BUDDY LIST: "SHAKING ON THE RIDGE" | Album Review
Fans of Richmond’s thriving alt-rock scene will not be disappointed by the February release of Buddy List’s debut album, Shaking on the Ridge. The band, consisting of members from Young Scum, Antiphons, and Fat Spirit seems to be RVA’s newest super group and their mix of indie rock and shoegaze will provide a fresh new voice for the scene.
The group highlights the best parts of a few genres. The straight rock verse from indie, some of the more obscure guitar tones come from shoegaze, but the more technically complicated parts have a math rock vibes as well.
The first half of the seven-song album seems to scream nostalgia about wasting time and traffic stops, but as the album progresses it becomes deeper and perhaps a little more cynical.
The turn begins after the track, “2004.” In this acoustic song, Ben Medcalf, the group’s vocalist, usually a strong rock vocal, quietly talks through the lyric, “I found God on a bench in a middle school gym. I'll never forgive him.” Although perhaps, a little vague, it’s easy to identify with this depressed middle school feeling and looking for anyone or anything to blame.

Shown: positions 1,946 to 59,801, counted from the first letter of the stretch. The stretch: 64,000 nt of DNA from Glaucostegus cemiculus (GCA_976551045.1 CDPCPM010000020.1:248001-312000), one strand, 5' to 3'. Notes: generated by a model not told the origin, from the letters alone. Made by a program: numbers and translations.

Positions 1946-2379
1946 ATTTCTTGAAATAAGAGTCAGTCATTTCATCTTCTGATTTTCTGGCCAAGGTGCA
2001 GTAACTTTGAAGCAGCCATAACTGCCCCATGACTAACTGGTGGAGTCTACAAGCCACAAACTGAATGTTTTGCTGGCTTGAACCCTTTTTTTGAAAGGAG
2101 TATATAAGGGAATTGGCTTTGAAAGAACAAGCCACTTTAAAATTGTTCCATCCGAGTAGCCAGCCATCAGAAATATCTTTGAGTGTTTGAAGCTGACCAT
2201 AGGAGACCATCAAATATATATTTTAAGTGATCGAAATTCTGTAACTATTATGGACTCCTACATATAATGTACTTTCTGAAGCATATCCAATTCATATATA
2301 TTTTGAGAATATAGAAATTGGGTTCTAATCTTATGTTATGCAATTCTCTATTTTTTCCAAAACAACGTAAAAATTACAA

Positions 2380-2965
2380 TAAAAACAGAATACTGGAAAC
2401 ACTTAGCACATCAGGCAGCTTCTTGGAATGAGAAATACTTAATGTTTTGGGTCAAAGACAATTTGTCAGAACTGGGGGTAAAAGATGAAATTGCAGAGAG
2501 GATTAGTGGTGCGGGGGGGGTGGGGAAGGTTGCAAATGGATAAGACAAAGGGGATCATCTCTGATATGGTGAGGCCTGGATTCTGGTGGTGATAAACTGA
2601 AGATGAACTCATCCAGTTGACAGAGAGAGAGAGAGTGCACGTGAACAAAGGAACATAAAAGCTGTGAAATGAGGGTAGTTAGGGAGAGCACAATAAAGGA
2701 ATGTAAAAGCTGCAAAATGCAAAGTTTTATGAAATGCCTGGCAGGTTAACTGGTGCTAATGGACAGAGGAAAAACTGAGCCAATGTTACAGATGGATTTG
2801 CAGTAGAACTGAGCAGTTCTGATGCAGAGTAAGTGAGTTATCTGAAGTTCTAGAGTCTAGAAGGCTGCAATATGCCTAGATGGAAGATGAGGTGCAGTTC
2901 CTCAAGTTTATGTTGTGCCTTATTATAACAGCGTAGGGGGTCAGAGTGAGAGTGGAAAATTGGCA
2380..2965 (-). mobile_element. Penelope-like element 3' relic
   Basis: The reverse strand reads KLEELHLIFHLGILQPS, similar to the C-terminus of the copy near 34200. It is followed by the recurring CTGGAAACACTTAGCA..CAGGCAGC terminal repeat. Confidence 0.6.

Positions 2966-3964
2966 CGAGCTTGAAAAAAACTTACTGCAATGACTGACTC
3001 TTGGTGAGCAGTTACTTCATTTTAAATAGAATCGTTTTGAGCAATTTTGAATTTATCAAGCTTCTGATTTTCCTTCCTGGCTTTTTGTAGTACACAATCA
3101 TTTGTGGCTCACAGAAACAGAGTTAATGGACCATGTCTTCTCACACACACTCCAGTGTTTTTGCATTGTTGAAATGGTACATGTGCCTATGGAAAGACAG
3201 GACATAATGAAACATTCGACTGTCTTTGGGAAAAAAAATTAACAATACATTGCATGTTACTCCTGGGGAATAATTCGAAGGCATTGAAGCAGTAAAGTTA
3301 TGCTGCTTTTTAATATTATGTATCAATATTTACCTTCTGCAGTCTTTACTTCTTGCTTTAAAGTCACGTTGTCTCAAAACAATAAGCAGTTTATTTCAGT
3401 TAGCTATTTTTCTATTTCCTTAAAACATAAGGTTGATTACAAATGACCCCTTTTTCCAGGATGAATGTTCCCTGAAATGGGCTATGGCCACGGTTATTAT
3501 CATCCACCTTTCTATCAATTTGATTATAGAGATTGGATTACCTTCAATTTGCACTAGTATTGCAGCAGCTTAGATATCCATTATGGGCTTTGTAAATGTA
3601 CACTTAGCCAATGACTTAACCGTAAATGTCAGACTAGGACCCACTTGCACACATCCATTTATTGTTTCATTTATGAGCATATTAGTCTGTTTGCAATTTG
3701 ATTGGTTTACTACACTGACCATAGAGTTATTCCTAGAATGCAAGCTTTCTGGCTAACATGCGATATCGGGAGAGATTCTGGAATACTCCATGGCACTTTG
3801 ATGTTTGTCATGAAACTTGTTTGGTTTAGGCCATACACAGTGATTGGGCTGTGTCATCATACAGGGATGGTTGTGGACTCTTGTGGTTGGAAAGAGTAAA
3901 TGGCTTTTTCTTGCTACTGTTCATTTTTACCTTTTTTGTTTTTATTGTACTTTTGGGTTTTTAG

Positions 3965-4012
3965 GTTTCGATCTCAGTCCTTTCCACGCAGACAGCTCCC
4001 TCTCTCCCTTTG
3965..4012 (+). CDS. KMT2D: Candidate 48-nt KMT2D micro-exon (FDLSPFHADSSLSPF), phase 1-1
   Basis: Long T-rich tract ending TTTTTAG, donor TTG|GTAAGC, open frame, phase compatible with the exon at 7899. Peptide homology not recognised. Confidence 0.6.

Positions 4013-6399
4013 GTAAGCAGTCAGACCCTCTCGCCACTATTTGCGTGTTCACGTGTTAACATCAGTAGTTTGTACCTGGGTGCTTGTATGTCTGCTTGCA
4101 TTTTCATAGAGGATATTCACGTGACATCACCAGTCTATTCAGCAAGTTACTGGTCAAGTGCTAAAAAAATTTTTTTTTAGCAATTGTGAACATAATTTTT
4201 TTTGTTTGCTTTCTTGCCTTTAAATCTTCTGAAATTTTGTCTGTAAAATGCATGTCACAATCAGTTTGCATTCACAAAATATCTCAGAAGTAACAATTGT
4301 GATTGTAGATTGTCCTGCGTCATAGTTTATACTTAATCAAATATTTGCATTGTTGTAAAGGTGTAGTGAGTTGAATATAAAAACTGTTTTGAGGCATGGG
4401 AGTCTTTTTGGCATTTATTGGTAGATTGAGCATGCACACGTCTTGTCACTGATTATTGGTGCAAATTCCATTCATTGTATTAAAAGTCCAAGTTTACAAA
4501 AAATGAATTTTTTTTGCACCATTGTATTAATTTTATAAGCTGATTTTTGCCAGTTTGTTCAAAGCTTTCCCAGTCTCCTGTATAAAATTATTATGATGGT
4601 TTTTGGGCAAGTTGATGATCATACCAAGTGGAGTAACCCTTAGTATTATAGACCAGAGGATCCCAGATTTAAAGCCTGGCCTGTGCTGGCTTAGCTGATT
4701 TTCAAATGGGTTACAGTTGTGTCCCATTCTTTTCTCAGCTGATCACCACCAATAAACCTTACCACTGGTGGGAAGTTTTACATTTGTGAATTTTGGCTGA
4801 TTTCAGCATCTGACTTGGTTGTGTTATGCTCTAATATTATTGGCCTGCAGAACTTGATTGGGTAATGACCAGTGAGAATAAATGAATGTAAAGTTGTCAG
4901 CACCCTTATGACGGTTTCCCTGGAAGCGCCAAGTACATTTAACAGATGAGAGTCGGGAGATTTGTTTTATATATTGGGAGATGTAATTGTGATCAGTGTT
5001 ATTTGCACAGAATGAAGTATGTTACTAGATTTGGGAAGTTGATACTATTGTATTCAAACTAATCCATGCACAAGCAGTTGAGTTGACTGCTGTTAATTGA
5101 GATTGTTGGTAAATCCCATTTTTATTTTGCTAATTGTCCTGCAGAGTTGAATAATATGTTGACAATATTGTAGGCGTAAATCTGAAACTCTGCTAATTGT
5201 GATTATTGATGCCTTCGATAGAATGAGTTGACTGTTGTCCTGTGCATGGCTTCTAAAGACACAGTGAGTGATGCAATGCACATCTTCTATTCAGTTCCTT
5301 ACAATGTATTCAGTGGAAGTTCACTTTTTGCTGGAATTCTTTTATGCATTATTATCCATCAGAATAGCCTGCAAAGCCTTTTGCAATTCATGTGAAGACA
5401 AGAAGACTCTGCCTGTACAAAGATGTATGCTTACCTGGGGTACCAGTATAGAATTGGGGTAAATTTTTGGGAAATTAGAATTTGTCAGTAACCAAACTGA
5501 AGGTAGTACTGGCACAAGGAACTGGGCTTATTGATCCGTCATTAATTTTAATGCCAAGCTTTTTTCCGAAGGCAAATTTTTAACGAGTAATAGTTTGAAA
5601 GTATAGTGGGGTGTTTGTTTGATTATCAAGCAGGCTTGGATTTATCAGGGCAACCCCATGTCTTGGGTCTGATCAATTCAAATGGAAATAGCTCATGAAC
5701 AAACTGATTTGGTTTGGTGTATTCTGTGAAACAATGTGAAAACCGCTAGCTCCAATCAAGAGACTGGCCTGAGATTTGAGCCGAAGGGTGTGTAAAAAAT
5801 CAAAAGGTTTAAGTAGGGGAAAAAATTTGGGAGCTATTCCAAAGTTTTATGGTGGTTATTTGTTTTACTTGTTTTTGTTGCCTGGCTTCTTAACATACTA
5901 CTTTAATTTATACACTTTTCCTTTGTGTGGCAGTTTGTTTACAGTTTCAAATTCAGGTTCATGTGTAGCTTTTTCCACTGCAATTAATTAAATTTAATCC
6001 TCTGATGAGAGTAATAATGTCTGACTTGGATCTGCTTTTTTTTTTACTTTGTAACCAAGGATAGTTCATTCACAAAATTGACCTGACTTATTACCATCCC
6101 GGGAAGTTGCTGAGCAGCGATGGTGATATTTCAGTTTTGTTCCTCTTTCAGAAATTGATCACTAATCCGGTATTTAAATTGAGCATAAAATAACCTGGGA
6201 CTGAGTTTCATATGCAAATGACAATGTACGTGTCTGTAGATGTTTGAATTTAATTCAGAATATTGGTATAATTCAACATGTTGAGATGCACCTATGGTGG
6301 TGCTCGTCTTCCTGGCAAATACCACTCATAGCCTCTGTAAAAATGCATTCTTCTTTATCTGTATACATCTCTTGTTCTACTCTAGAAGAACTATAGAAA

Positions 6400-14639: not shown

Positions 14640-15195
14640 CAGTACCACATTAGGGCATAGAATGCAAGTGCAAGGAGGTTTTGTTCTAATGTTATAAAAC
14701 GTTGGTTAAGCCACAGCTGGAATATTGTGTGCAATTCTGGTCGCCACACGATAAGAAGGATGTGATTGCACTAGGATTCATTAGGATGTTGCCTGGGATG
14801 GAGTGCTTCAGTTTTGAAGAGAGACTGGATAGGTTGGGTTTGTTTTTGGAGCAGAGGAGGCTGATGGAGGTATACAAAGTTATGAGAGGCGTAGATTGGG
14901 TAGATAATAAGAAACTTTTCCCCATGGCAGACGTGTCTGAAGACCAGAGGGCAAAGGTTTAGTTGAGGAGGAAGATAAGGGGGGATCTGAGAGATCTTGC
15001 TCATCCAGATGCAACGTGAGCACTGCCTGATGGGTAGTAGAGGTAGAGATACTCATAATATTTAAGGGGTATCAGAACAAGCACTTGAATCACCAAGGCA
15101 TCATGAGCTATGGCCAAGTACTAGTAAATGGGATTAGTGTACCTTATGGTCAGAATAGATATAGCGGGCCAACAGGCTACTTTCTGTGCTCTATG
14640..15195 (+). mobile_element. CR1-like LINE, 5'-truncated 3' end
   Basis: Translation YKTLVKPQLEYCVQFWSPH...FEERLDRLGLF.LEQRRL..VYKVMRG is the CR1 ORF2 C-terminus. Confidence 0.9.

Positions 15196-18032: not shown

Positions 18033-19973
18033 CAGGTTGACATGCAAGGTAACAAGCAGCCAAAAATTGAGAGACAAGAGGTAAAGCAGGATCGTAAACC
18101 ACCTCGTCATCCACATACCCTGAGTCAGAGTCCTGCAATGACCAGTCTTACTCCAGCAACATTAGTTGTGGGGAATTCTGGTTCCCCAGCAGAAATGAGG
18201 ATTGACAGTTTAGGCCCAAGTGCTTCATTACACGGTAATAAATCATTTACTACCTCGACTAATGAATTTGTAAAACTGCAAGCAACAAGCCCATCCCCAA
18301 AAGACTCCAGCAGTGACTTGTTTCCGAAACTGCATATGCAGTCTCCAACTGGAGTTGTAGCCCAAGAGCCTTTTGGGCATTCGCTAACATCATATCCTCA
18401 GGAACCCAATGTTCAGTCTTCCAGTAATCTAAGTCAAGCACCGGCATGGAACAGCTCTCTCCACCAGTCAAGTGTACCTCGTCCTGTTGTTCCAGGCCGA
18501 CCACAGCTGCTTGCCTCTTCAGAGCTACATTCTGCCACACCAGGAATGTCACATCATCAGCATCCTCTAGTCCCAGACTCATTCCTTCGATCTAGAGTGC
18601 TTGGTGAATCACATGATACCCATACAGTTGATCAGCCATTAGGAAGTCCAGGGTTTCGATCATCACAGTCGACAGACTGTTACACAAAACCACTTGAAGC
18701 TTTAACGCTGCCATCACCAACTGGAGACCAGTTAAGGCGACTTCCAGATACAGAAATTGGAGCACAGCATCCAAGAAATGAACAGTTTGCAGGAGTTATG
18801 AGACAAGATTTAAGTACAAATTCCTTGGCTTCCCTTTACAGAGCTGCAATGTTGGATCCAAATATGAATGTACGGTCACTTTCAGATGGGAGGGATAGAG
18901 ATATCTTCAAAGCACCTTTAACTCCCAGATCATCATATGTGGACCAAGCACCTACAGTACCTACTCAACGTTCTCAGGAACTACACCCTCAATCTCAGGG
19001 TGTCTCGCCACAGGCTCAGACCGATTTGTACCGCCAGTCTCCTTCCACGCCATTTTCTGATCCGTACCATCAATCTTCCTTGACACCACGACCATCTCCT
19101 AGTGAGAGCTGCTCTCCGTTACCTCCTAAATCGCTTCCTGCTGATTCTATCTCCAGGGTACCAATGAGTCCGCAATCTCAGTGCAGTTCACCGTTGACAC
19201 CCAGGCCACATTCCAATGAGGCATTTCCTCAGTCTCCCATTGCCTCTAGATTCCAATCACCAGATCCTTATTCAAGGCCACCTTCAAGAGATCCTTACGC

Following this profound acoustic song, Buddy List goes into “Rolling Stop.” The bass, played by Matt Timko, is heavy on this song and it seems perfect for late night house show dancing. The song is the perfect transition from "2004," beginning with a quiet pad part and working up to a full arrangement with detailed lyrics to boot.
The album really hits its stride on “Bumper;” the six-minute piece speeds by, powered by Lou Henninger’s drums and distorted guitars. The song opens with a simple clean guitar and vocal line reminiscent of the The Front Bottoms, but it’s when Taylor Noll and Medcalf’s ringing guitar harmonies come in that the song really cements itself as the centerpiece of the album. It’s this electrically charged garage rock sound that sets this song apart from some of the other more mellow songs on the album.
The album was meant to be played on a drive out of the city, running away from the problems that come with the busyness and craziness of adult life.
Check out more from Buddy List here.